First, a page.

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Obama’s big speech yesterday about the economy was…..fine.  I don’t think he addressed our banking problems quite as forthrightly as a lot of people seem to think, but he didn’t do too badly either.  I was more pleased, however, that he said this about transforming the economy to be less carbon intensive:

The only way to truly spark this transformation is through a gradual, market-based cap on carbon pollution, so that clean energy is the profitable kind of energy….We can no longer delay putting a framework for a clean energy economy in place. If businesses and entrepreneurs know today that we are closing this carbon pollution loophole, they will start investing in clean energy now. And pretty soon, we’ll see more companies constructing solar panels, and workers building wind turbines, and car companies manufacturing fuel-efficient cars.

OK, it’s not much.  But one of my complaints about Obama during the primary was that he didn’t take the chance to actually sell the country on carbon caps.  Sure, cap-and-trade was always part of his plan, but on the stump it was all windmills and green jobs and other happy talk.  What would happen, I wondered, when the time came and suddenly Joe Sixpack realized that Obama was planning to raise energy costs via a cap-and-trade program?  That’s still going to be a huge fight, but at least he’s beginning to mention it in public now.  It’s a start.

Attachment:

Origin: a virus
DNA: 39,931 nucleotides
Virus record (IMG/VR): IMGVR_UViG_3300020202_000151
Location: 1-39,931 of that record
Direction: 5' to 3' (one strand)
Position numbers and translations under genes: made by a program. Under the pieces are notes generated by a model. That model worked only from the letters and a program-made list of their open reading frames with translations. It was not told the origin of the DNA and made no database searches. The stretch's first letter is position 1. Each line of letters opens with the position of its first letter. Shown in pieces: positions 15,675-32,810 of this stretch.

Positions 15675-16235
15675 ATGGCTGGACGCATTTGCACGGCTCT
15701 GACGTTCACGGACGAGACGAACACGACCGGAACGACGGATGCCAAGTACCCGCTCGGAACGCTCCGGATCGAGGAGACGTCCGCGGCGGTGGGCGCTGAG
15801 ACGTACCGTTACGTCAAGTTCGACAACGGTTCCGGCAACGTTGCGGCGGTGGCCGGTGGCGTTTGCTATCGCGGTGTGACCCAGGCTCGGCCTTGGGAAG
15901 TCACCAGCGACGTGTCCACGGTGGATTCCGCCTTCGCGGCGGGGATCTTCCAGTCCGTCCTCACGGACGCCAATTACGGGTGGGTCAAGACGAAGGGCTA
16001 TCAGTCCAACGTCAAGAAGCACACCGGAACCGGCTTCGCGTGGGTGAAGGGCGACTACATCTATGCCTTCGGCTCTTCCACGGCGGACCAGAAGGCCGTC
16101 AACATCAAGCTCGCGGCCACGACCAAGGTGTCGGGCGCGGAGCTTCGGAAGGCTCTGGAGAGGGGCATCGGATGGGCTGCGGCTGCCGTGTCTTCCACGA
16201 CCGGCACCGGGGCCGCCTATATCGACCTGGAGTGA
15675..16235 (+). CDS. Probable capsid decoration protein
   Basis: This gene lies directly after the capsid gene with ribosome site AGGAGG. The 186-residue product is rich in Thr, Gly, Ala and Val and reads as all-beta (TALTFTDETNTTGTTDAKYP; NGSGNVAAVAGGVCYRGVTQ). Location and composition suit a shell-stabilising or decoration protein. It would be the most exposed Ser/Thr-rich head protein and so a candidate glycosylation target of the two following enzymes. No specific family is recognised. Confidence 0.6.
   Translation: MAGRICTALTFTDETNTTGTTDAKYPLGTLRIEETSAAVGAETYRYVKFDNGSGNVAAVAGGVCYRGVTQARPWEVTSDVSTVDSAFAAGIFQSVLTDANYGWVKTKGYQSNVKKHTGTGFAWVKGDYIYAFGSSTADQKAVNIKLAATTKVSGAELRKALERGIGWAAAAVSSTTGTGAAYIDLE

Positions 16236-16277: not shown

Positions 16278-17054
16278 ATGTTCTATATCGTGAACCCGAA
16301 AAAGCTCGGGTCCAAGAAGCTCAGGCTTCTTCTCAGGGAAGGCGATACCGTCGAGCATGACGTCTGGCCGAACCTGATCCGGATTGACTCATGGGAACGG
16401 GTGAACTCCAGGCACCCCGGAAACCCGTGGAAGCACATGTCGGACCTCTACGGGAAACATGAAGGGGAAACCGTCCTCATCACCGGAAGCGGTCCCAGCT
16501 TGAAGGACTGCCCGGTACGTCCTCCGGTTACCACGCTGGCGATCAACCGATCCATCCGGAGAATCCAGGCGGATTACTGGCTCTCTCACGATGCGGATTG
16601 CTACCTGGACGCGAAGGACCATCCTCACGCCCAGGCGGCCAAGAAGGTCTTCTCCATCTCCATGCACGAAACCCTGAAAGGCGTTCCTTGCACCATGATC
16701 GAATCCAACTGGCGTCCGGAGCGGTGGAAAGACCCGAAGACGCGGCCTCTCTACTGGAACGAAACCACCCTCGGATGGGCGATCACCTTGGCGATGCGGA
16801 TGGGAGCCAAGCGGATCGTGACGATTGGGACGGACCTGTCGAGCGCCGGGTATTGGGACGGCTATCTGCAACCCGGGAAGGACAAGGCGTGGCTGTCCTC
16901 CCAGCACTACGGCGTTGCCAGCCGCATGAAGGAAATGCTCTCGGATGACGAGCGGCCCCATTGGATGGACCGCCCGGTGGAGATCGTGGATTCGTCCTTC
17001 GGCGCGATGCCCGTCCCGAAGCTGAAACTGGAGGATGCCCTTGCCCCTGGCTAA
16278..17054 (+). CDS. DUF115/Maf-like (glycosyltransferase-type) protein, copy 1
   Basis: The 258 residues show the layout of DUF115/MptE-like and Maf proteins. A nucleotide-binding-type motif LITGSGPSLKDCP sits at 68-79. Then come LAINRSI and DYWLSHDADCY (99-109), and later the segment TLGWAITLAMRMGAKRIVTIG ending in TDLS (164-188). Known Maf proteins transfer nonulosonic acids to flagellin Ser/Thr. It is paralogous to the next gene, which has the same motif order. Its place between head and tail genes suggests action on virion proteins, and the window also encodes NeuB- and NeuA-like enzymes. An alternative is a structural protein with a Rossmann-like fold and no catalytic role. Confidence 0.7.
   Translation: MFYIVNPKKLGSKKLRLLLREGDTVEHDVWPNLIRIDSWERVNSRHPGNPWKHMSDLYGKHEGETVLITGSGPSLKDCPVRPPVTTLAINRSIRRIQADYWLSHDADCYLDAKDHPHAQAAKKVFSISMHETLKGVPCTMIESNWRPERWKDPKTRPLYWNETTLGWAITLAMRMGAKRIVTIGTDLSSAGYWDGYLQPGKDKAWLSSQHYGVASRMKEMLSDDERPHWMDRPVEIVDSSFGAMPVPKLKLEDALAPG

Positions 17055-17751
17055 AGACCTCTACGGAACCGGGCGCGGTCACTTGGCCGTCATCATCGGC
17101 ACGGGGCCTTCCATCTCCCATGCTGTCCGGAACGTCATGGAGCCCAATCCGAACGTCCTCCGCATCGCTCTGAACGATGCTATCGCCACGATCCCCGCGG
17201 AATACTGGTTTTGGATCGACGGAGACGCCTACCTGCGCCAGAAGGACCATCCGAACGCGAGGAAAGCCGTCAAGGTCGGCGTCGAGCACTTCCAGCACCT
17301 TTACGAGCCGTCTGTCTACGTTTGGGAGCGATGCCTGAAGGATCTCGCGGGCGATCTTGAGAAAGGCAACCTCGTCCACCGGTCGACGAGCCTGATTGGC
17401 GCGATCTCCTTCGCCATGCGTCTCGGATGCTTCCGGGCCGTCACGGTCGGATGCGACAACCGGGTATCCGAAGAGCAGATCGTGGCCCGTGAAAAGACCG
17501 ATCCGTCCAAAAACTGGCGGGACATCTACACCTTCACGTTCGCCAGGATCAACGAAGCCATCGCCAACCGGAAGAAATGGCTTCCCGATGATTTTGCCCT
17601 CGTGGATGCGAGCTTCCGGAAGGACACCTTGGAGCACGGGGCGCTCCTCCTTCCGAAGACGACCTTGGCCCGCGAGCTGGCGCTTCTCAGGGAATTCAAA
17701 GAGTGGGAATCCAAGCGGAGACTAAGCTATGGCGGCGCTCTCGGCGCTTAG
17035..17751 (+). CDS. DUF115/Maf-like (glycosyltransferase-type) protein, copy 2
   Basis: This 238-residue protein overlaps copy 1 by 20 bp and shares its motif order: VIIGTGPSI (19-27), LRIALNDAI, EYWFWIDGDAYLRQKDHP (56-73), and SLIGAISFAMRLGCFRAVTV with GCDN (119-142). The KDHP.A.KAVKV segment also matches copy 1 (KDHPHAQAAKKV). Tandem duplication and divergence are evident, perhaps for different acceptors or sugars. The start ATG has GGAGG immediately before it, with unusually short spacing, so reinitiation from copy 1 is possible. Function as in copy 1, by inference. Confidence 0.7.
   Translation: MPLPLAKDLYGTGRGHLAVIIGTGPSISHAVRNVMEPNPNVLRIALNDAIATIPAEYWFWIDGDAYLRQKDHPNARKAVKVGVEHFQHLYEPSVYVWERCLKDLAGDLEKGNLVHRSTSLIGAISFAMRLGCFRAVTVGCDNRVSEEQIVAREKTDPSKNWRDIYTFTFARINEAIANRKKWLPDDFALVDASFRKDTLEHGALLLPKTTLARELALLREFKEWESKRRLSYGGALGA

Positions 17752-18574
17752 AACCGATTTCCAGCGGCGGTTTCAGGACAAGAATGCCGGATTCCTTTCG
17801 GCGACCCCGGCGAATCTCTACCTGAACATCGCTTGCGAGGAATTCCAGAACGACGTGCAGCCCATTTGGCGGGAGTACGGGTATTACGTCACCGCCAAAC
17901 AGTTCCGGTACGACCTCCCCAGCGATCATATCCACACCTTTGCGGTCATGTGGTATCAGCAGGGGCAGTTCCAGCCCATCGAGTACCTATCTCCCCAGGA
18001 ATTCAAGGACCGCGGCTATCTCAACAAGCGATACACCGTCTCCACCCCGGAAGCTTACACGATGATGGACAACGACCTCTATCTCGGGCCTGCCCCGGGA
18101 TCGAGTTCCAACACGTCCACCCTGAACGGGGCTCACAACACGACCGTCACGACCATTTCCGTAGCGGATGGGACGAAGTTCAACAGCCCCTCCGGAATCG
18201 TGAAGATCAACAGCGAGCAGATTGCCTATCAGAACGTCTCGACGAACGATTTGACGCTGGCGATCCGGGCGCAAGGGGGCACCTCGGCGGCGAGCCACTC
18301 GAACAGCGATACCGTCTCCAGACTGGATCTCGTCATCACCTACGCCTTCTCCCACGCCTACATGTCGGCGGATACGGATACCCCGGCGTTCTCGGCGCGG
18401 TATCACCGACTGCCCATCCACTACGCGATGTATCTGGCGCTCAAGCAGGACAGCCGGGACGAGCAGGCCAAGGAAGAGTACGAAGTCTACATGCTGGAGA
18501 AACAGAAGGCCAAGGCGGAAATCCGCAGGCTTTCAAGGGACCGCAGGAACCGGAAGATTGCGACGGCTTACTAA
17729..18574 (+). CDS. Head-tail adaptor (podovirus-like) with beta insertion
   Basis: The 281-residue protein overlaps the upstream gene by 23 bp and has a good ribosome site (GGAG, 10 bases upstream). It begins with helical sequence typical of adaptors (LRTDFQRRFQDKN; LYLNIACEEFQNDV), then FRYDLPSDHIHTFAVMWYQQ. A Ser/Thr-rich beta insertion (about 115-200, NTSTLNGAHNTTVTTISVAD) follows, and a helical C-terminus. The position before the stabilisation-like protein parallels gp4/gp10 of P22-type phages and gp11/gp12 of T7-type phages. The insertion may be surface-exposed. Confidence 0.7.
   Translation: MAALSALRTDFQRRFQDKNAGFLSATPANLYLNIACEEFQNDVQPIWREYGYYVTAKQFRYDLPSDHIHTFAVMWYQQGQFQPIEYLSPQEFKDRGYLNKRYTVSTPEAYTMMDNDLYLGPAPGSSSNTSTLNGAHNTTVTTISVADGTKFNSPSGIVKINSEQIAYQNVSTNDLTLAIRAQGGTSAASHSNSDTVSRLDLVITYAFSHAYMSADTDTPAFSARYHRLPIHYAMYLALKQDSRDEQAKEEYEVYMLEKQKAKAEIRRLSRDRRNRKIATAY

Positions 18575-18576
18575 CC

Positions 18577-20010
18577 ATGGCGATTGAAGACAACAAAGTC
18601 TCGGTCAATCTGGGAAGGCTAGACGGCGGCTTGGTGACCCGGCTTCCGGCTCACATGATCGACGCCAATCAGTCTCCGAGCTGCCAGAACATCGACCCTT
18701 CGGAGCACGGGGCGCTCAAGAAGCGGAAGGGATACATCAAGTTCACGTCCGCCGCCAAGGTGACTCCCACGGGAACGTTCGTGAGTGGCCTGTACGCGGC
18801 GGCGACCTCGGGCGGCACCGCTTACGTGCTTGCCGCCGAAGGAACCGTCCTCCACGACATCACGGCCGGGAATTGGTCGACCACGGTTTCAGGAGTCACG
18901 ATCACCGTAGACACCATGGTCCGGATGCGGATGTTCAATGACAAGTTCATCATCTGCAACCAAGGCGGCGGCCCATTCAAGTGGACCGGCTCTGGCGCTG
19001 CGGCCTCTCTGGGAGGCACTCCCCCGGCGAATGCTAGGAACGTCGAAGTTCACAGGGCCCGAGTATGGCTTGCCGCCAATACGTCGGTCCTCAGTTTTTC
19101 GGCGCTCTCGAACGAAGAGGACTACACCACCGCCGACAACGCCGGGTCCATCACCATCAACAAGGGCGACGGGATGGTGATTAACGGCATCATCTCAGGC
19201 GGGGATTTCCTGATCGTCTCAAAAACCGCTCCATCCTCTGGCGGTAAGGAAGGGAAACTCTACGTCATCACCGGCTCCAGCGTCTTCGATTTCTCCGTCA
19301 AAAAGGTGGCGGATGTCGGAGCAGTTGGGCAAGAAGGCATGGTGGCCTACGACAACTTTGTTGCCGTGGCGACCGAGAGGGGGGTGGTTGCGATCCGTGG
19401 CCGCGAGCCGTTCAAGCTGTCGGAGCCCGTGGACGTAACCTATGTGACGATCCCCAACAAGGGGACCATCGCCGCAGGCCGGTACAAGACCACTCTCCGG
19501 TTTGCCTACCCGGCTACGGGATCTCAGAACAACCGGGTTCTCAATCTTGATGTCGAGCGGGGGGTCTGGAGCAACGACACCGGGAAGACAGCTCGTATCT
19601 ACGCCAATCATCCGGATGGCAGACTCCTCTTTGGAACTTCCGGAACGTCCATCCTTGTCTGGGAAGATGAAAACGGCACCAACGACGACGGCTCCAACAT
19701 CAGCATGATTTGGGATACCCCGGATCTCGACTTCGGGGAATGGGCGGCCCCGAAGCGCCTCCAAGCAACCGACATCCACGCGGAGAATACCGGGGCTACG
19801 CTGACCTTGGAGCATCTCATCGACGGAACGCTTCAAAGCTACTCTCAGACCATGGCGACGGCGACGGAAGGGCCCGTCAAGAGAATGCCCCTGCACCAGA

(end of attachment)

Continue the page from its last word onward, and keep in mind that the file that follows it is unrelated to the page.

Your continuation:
And as long as I’m writing about yesterday’s speech, what’s the deal with the White House website?  The speech is blared across the entire front page of the site, but if you click on “Read the Remarks” you cannot, in fact, read the remarks.  You can read a blog post excerpting a few of the remarks, but the blog post doesn’t link to the full remarks.  If you click on “Speeches” instead, the most recent entry is from February.  Maybe the full speech is somewhere on the site, but I couldn’t find it.

What gives?  Bush’s website wasn’t as pretty, but at least it was usually pretty complete and easy to navigate.  I never had trouble finding his speeches.

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REAL QUICK, REAL URGENT

Minority rule, corruption, disinformation, attacks on those who dare tell the truth: There is a direct line from what's happening in Russia and Ukraine to what's happening here at home. And that's what MoJo's Monika Bauerlein writes about in "Their Fight Is Our Fight" to unpack the information war we find ourselves in and share a few examples to show why the power of independent, reader-supported journalism is such a threat to authoritarians.

Corrupt leaders the world over can (and will) try to shut down the truth, but when the truth has millions of people on its side, you can't keep it down for good. And there's no more powerful or urgent argument for your support of Mother Jones' journalism right now than that. We need to raise about $450,000 to hit our online fundraising budget in these next few months, so please read more from Monika and pitch in if you can.

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